After several agitations, protests, and increased anxiety, President Muhammadu Buhari finally signed the Electoral Act Amendment Bill.
The Electoral Amendment Bill 2022 is a revised version of the 2010 Electoral Bill with several provisions, such as the electronic transmission of results and early release of funds for INEC to conduct elections.
President Muhammadu Buhari had earlier rejected the bill in 2018 on the grounds that the bill could usurp the INEC’s constitutional power to decide on election affairs. Yet, by September the same year, the president declined the act citing the need to revise some clauses. On December 6, 2018, the president also turned down assent to the bill, citing the bill’s possibility of leading to uncertainty and confusion in the general election.
Here are some of the key provisions in the recently signed electoral amendment bill.
Section 3(3) of the bill provides that election funds due to the electoral commission to conduct any general election should be released to the commission no later than one year before the election.
According to section 8(5), any act by an individual who misrepresents or fails to disclose their genuine identity, membership, or affiliation to any political party to secure an appointment of any sort with INEC is criminalised.
Section 28 of the bill stipulates that the electoral commission shall not later than 360 days before the day scheduled for an election issue a notice of election, which includes the date and place at which nomination papers are to be delivered.
Section 29(1) of the bill also provides that political parties have at least 180 days before the general elections to conduct their primaries and submit the list of candidates from the valid primaries conducted by the parties.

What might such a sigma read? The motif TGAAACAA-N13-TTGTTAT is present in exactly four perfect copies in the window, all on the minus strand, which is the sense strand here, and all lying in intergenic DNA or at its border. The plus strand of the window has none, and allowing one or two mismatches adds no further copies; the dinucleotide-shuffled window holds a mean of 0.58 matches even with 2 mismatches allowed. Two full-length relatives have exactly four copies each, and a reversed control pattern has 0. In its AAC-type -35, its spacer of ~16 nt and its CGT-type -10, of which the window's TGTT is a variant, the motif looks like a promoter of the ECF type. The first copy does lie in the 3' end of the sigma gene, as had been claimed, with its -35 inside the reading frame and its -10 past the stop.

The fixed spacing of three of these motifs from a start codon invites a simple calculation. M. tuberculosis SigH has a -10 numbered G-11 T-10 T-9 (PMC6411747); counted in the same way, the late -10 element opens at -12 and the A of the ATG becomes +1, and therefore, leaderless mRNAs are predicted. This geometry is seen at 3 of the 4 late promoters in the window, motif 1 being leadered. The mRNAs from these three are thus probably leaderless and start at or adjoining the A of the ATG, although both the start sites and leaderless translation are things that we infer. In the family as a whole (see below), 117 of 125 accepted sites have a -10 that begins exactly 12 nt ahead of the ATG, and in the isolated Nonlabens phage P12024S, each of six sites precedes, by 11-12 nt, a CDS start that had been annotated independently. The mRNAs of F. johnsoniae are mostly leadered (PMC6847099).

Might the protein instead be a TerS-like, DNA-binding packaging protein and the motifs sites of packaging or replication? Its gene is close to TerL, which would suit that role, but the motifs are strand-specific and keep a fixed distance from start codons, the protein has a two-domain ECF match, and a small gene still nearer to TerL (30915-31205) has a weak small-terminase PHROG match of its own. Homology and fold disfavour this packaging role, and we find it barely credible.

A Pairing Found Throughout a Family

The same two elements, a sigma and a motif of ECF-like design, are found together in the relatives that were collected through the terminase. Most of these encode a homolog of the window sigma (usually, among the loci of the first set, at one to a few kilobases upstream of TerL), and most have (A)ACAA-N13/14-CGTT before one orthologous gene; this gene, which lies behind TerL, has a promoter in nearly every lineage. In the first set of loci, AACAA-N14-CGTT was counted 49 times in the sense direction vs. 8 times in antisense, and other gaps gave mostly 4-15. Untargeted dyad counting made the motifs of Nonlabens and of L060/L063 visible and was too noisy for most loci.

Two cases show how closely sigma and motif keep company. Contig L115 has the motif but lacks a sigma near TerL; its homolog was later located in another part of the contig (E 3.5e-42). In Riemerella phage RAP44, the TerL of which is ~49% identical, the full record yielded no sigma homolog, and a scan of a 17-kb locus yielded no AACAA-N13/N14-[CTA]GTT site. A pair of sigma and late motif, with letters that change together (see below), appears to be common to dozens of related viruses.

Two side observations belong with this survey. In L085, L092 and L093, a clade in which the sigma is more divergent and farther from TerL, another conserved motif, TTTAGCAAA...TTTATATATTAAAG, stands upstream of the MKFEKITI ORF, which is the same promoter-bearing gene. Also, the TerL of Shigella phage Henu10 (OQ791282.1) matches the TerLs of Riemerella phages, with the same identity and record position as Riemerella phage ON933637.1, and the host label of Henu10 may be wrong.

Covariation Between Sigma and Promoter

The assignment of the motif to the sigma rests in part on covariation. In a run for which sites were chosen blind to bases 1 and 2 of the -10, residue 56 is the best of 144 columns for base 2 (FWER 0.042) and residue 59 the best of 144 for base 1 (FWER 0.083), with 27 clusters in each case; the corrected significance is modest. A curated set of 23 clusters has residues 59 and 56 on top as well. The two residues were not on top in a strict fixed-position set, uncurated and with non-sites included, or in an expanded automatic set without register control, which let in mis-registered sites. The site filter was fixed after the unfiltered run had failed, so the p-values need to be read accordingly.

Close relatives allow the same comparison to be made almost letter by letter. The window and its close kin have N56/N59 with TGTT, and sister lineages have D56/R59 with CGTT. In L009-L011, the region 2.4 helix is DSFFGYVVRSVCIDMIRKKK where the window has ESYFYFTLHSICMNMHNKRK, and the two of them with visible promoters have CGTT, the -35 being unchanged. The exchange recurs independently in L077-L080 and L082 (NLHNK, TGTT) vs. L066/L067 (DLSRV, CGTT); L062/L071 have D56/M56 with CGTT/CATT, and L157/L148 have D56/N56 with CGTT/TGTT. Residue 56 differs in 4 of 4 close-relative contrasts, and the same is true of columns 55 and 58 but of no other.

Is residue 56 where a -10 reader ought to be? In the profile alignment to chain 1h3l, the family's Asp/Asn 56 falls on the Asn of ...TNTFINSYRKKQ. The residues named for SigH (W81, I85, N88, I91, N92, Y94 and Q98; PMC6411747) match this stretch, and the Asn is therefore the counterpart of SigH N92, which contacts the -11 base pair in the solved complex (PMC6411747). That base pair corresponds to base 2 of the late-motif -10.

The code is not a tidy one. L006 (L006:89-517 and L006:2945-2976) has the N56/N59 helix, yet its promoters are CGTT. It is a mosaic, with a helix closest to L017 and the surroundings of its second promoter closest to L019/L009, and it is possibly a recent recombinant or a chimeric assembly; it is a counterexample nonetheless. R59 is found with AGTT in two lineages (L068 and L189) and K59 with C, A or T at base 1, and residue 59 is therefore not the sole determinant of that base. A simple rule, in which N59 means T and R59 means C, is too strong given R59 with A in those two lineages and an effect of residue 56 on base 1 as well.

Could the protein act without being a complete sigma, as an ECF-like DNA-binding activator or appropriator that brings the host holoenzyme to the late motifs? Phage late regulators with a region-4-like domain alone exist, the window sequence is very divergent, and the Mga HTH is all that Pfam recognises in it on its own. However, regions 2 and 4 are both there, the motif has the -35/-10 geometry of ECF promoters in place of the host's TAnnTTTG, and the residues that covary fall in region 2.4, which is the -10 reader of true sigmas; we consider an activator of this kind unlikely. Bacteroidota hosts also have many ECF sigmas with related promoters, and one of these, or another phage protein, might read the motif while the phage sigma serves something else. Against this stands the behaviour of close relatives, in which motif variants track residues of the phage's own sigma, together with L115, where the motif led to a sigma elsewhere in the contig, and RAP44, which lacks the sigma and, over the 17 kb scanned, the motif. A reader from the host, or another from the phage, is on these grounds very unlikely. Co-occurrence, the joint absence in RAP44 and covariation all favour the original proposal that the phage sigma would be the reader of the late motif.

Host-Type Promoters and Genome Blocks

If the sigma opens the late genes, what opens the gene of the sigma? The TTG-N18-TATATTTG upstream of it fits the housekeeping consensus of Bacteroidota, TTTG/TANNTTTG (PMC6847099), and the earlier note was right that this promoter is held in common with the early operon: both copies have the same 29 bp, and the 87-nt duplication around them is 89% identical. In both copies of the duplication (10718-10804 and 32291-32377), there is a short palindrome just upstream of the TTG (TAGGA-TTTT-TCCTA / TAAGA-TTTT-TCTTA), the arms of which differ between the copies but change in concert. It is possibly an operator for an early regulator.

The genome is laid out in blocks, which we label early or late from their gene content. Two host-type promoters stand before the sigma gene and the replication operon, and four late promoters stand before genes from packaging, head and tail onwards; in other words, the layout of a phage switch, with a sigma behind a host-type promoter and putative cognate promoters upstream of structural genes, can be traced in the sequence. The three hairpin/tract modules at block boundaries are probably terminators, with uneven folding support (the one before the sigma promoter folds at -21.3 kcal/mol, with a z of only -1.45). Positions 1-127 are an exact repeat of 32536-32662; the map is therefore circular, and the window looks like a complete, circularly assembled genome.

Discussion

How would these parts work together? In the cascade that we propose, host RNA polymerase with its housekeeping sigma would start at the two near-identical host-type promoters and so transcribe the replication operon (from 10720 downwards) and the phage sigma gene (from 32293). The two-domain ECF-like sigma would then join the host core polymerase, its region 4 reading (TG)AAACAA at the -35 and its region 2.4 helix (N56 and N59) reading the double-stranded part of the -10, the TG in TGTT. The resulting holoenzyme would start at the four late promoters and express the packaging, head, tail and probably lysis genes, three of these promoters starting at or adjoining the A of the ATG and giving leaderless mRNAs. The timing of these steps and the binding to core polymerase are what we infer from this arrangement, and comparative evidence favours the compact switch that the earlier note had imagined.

Section 33 of the bill stipulates that political parties are not allowed to change or replace a candidate whose name has been submitted to the electoral commission except during the death of a candidate.
In instances where the death of a candidate occurs, Section 34 allows the political parties power to conduct another primary election to replace the deceased candidate.
While the Regulations and Guidelines adopted by the Independent National Electoral Commission (INEC) before the 2019 general elections provide for electronic accreditation of voters, section 47 of the recently signed bill allows the use of a smart card reader and other technological devices by the commission.
Section 50 of the bill gives INEC the power to determine the appropriate procedure for voting at an election and the viable means of transmission of results, either electronically or manually.
According to the Section 94(1) of the bill, the period of public campaigns by political parties is now set to commence 150 days before the election day and end 24 hours before the day.
Presiding Officer at a given polling unit can now cancel election results of a polling unit where the number of vote casts surpasses the number of accredited voters. This was stipulated in section 51(2) of the bill.
Section 54(2) allows the electoral commission to take reasonable steps in ensuring that persons with special needs and vulnerable persons are assisted at the polling unit.
Section 64(9) of the bill criminalises any act of false collation and announcement of results by a returning or collation officer. According to the bill, such offence is liable on conviction to a fine of N500,000 or imprisonment for a term of at least three years or both.
Section 65 of the bill gives INEC the power to review results in instances where the commission determines that the declaration of result was done under duress or made contrary to the provisions of the law, regulations, guidelines, and manuals for the election.